The list of African politicians who seek medical treatment abroad is almost endless. Some African Presidents have died in office while abroad seeking medical treatment.
These include Michael Sata of Zambia who died in the UK in 2014, Malam Bacai Sanhá of Guinea Bissau, who died in France in 2012, Meles Zenawi of Ethiopia who died in Belgium in 2012, Omar Bongo of Gabon, who died in Spain in 2009 and Levy Mwanawasa of Zambia, who died in France in 2008.
While African heads of state merrily splash out fortunes on their treatments abroad, the continent is still plagued by diseases which can be prevented and managed and also, totally eradicated from some countries.
Healthcare in Africa has remained a challenge for decades and the demands continue to grow. Out of a population of 1.2bn, about 60% (720m) are below 24 years of age and require primary healthcare services such as family planning, prenatal and antenatal care, vaccinations, good nutrition, reproductive and adolescent health services and access to basic healthcare.
As a strategy designed to improve healthcare delivery systems in Africa, African heads of state in 2001 passed the Abuja Declaration in which they unanimously agreed to spend 15% of annual expenditure budgets in healthcare.
Eighteen years down the line, it is disheartening to note that very few African countries have reached the targets set by the Abuja Declaration. According to the WHO Global Health Expenditure Database for 2016, average healthcare expenditure in Africa stood at 10% of national budgets.
Only a handful of countries, Malawi, Ethiopia, Gambia and Swaziland were spending above 15% of their public expenditure towards healthcare. At the second-tier level, 11%-14%, were countries such as South Africa, Namibia, Central African Republic, Burundi, Lesotho, Cape Verde and Tanzania. The lowest-ranked countries, below 5%, were Eritrea, Cameroon, Angola and Nigeria.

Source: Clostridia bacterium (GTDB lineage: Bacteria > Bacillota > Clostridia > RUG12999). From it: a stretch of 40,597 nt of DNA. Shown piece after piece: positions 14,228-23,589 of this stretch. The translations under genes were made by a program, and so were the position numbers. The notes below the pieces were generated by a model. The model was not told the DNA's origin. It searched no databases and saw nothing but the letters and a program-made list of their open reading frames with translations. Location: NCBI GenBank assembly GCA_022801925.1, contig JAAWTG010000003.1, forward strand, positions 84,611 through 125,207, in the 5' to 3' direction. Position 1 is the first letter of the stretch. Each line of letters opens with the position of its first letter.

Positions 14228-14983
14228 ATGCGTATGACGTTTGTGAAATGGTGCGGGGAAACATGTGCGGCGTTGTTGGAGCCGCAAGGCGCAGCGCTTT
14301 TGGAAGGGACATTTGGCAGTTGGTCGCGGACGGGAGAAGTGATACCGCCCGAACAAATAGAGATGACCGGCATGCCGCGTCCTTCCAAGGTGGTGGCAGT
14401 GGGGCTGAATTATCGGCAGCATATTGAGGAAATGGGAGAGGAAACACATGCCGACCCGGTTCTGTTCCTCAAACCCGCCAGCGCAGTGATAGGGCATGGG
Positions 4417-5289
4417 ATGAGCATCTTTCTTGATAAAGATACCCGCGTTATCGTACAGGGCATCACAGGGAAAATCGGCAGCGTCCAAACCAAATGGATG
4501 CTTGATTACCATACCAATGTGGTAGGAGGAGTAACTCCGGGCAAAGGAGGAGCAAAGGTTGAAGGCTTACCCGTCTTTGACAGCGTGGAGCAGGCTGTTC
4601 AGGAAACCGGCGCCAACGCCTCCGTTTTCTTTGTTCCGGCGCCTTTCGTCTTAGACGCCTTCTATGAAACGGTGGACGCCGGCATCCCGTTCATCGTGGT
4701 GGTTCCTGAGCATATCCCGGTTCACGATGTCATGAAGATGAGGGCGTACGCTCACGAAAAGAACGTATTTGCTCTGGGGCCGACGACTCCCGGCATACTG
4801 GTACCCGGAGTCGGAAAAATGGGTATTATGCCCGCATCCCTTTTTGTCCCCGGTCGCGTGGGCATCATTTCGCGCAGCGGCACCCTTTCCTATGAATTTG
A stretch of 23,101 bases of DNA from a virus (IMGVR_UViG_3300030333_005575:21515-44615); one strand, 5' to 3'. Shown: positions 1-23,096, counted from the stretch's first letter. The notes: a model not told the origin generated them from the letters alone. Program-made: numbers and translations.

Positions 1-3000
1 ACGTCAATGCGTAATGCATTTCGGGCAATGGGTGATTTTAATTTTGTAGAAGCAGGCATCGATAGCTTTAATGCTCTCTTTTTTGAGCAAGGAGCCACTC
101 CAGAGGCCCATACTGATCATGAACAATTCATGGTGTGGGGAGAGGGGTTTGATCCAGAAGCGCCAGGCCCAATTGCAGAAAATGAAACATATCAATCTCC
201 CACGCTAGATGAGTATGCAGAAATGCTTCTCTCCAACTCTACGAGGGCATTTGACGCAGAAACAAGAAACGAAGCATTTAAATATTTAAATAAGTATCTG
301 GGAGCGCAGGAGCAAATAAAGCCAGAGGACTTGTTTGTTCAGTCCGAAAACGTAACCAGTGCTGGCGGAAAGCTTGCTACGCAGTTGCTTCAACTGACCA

The WHO statistics show that healthcare expenditure still remains a low priority for African governments. Most countries thus rely on foreign and donor aid hand-outs to fund their healthcare systems. In order to improve healthcare in Africa, governments should step in and show responsibility and commitment by ensuring that public health is funded predominantly by national budgets.
WHO records show that although most African countries have increased their health budgets, with the average per capita public spending on health in Africa rising from $70 in 2000 to more than $160 in 2014, these figures still fall below the Abuja targets set in 2001.
Inequality in health
What is more worrying is that a closer analysis of public expenditure on health shows that health budgets in Africa are not equitable and evenly distributed; marginalised rural poor people receive less healthcare coverage and many cannot even access basic primary health care.
According to the WHO 2016 assessment report, Public Financing for Health in Africa: From Abuja to SDGS: “For every $100 that goes into state coffers in Africa, on average $16 is allocated to health, only $10 is in effect spent, and less than $4 goes to the right health services. This failure to ensure that public financial resources reach the health services that need them has undoubtedly had a negative impact on health sector results…”
African governments should increase fiscal space to support healthcare provision, align healthcare budgets to improved service provision, evenly distribute health services to cover the poor and vulnerable, strengthen revenue collection to support public healthcare, create conditions that attract private investment into healthcare, improve working conditions for healthcare personnel, and shun foreign medical tourism in word and in deed.
The heads of state can set an excellent example by seeking their treatment at home instead of abroad. Maybe then, we shall see a rapid improvement in healthcare delivery. NA